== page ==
Ikea Cabinets in the Studio (+ a Giveaway from Semihandmade!)

studio dry bar 3

It’s about time for a studio update, right? I could list a dozen valid (and another dozen invalid) reasons why I haven’t done this sooner but I won’t waste your time. The truth is I’m embarrassed. A few weeks turned into a month. A month turned into a few months. A few months turned into six. Now it’s December. Life is crazy like that.

Anyhow, the studio!

I think the last time I shared pictures the walls and ceiling had just received a few coats of white paint. I went with Sherwin Williams pure white (SW 7005). Since then, the drywall dust has been cleared (Oh my word! Such a mess!! Cleanup took me forever.) and the concrete floor has been painted.

studio floor paint 1

studio floor painted 2

The original concrete was in rough shape. There were cracks, stains and some spalling. I could literally sweep chunks away with a broom. The space is accessed via a loading dock so all kinds of dirt and grease are tracked in on a daily basis. I decided painting the floor a dirty gray was the way to go.

To select the perfect gray I spread out a bunch of color swatches on the floor then walked all over them and picked the one that hid my footprints best. Oh, if only picking a paint color was always so easy! The swatch that made the cut was Sherwin Williams dorian gray (SW 7017) and it’s actually a really great color, a warm muddy gray. I had it color-matched in Valspar’s latex porch and floor paint then rolled on three coats. (That makes it sound so quick and easy but, I assure you, painting a floor with kids underfoot is anything but quick or easy. I do not recommend it.)

studio radiator paint

Way back when, there was discussion about what to do with the grimy radiator. After giving it a good scrub, I ended up spray painting it white. I did not attempt to do this with kids around (which made finding time to do it even more difficult) and I tackled it before painting the floor. It took an insane amount of paint (eleven spray cans I think?) and I’m pretty sure I lost whatever brain cells I had left after baby #3 was born. Which explains why maybe this post isn’t the most bestest.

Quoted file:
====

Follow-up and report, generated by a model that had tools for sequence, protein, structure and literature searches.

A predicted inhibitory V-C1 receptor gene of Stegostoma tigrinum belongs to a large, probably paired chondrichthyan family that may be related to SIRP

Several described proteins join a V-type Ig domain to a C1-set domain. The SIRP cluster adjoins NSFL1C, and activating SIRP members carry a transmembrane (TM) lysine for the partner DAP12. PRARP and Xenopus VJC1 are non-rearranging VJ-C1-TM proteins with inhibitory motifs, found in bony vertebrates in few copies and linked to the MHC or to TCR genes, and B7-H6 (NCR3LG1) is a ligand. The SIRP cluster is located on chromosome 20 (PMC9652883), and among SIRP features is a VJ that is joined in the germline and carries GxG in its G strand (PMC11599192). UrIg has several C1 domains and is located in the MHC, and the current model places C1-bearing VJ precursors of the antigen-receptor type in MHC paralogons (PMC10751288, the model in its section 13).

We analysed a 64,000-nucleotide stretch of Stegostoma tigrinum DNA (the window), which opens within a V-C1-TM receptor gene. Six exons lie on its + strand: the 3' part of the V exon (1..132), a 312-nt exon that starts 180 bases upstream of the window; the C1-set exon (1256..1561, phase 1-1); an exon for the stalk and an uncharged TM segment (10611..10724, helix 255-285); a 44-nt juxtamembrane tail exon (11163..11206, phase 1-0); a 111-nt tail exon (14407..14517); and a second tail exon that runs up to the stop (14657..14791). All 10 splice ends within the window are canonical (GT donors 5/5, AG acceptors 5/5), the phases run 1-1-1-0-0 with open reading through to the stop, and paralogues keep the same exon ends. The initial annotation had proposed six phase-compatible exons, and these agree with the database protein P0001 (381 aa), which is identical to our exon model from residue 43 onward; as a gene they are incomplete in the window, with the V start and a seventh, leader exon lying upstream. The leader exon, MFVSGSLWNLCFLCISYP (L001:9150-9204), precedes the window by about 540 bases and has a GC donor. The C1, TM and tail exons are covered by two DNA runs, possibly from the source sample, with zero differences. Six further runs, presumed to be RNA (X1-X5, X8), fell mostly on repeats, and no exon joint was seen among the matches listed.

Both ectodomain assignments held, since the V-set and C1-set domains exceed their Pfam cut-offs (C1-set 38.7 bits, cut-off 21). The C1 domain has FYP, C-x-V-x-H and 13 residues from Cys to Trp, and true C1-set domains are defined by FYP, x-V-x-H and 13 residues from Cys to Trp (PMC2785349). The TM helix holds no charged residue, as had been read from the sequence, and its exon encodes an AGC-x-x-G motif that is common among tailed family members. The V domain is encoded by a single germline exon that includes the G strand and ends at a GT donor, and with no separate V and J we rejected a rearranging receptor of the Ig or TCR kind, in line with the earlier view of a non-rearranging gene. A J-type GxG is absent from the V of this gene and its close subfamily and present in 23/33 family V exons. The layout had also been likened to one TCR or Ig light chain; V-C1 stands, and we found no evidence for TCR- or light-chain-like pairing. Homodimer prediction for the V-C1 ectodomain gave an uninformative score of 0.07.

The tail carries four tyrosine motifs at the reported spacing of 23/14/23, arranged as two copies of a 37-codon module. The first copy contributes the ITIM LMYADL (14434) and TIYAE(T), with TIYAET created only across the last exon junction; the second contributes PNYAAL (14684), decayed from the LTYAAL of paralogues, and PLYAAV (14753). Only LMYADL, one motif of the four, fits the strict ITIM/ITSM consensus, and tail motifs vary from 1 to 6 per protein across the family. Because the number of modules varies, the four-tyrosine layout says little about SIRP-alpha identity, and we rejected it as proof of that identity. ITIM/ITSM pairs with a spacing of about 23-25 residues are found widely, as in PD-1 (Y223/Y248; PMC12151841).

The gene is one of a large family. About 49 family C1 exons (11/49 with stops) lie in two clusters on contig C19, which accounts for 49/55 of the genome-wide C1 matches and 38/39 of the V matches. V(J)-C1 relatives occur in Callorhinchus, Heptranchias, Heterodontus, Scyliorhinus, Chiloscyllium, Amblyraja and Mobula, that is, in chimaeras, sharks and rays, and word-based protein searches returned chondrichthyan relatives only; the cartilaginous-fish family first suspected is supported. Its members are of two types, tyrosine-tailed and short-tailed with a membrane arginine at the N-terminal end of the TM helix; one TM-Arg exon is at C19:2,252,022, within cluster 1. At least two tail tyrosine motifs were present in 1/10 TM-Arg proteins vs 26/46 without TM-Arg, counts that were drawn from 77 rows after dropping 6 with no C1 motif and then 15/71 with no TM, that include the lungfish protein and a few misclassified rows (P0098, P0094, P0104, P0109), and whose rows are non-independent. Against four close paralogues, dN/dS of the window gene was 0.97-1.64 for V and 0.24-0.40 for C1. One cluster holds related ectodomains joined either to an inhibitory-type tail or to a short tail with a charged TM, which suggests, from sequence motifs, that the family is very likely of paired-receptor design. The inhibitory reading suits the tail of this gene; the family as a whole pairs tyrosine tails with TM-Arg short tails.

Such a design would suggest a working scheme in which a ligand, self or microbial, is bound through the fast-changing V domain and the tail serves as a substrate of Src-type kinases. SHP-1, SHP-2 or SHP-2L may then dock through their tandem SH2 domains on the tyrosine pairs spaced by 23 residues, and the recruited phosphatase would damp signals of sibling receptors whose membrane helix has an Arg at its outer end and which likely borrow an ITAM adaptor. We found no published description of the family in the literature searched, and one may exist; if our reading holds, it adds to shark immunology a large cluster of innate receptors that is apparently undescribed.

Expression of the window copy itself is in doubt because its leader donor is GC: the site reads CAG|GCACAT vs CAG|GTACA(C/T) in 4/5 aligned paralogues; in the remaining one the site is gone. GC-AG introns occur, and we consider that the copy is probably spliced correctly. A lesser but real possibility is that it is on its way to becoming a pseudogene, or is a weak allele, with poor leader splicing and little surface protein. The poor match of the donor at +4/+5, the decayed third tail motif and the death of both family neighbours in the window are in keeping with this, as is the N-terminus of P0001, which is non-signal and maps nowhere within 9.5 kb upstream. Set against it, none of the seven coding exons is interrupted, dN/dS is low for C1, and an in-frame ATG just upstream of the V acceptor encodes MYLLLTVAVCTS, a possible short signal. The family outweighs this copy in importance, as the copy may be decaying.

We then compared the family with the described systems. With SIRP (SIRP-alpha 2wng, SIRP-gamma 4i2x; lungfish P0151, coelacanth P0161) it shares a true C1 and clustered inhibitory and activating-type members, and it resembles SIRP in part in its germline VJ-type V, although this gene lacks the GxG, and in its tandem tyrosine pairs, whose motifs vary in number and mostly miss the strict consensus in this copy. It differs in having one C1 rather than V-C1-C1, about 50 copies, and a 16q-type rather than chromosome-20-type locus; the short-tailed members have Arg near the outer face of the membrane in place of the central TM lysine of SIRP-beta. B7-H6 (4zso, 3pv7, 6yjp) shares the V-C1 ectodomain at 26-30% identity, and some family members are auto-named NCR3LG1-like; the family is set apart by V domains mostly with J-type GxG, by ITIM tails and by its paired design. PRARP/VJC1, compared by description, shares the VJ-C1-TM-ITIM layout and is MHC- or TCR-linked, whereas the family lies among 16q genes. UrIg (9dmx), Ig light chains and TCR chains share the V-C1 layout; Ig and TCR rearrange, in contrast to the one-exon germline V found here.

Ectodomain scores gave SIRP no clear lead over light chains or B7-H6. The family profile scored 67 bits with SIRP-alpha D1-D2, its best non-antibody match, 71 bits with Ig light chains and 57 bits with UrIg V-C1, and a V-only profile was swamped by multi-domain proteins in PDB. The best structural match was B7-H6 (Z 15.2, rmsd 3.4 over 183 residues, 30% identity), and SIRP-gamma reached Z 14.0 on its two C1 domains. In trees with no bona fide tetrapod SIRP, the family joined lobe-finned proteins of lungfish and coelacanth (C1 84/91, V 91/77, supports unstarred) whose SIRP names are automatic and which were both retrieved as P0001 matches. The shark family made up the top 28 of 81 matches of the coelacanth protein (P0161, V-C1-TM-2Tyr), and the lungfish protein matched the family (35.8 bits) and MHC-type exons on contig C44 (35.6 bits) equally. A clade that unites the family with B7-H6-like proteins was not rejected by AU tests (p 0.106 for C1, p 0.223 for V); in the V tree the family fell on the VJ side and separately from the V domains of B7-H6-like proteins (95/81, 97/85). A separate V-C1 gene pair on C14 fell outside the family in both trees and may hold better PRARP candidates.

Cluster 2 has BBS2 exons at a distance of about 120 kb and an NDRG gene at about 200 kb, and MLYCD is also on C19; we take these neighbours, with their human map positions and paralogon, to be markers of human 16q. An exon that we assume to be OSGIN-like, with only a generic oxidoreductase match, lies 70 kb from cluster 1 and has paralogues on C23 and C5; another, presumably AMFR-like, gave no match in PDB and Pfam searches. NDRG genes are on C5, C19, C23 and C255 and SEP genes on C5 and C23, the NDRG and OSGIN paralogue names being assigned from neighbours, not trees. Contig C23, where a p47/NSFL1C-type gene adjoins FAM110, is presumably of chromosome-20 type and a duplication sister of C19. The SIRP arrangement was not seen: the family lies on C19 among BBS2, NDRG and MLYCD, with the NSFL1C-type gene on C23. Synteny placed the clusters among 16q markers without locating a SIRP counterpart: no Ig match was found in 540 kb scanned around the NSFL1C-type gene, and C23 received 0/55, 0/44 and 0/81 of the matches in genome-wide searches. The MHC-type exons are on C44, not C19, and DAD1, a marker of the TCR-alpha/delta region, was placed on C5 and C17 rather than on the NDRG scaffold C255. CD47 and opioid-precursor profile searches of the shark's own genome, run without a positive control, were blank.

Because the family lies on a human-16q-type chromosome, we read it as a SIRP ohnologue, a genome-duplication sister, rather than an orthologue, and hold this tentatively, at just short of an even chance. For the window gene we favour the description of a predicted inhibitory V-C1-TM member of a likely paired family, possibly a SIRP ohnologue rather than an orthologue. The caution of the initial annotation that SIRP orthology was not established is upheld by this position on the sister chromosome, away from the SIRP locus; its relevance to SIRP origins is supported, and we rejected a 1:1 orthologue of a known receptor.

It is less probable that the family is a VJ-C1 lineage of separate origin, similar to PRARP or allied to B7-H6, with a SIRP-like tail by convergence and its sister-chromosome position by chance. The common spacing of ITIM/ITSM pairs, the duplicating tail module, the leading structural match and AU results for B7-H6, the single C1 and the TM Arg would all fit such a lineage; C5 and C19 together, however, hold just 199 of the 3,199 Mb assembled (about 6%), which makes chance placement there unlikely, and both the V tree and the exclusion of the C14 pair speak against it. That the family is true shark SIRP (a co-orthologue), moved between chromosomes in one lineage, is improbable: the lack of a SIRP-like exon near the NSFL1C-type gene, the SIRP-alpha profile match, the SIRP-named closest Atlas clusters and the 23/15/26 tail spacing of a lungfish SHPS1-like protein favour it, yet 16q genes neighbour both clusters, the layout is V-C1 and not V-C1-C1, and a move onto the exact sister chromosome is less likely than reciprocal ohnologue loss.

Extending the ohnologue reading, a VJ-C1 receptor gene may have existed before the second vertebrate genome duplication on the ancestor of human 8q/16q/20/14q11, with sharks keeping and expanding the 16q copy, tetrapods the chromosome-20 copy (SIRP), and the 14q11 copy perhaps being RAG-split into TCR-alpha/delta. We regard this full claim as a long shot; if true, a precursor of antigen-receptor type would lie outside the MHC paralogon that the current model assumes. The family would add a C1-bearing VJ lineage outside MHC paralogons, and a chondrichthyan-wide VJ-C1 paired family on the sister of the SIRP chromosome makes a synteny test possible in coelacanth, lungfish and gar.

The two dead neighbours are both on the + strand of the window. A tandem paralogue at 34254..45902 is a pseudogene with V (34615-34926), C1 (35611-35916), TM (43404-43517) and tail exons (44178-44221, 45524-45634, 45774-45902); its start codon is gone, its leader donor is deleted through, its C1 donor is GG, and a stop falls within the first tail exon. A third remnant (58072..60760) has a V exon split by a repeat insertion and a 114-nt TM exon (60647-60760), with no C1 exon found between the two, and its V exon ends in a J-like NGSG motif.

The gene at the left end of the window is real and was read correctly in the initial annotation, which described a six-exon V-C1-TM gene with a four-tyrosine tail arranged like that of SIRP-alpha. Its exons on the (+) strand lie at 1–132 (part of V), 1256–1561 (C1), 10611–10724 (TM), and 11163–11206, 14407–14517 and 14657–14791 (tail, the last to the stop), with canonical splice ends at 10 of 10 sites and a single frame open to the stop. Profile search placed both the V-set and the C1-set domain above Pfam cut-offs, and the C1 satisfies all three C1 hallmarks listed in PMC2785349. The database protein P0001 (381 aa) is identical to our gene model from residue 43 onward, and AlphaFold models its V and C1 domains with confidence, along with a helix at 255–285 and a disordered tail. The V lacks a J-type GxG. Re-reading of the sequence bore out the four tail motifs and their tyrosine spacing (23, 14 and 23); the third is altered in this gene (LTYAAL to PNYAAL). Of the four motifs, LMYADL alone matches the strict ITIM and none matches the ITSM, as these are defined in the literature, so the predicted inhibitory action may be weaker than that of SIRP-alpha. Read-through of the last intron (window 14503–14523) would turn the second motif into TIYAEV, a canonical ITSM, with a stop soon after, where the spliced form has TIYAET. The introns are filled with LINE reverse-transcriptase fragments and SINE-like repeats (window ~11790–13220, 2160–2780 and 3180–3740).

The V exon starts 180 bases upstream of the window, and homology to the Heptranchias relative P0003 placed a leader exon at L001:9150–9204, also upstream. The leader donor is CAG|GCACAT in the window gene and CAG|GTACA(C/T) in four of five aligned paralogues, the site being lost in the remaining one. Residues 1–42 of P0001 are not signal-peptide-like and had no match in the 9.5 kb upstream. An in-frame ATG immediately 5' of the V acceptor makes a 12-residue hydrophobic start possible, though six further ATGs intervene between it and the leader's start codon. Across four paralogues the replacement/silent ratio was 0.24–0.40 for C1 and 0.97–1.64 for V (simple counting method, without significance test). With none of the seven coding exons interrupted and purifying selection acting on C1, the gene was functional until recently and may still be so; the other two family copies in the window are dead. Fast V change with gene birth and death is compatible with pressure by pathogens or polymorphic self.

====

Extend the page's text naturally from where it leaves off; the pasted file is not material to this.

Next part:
studio dry bar before 1

After everything was cleaned and painted, I got to work on the dry bar. (I also scored six Bentwood knockoffs at our local Habitat ReStore for $12 total!) I used cabinets from the SEKTION line at IKEA. I bought a pair of 36″ base cabinets with two drawers each and one 15″ base cabinet with three drawers. I chose the Ma drawer style and, since I planned on painting the fronts a dark color, I chose the wood effect brown frames which I so wish had been available when we were renovating our kitchen. (Our fronts are dark and slivers of the white frames peek out in a few places.)

studio dry bar progress 1

I built the cabinets and Steve helped me install them. Everything you’ve heard about assembling IKEA cabinets is true: Staring at all the boxes and pages of instructions is daunting but, after you’ve put one together, you can put together a hundred. We opted for steel legs instead of a toe kick since it is a warehouse after all.

studio dry bar progress 2

After that, the studio turned into a drawer graveyard. Layne offered to help. Start ’em young! Seriously. It’s so easy even a ten-year-old can do it. We had a drawer building race and he totally beat me.

I’d been itching to try Semihandmade for a long time so I ordered seven of the DIY slab drawer fronts with notched pulls and painted them using a 4″ foam roller. The MDF really soaked up the paint. It took three coats of Valspar Reserve latex. The color is Valspar sable evening in a satin finish and it’s one of those chameleon colors. Depending on the light, it can read charcoal or green-gray. I love it.

Semihandmade fronts come pre-drilled so I simply screwed the hardware (included with the IKEA drawers) into the proper holes and snapped the fronts onto the drawers.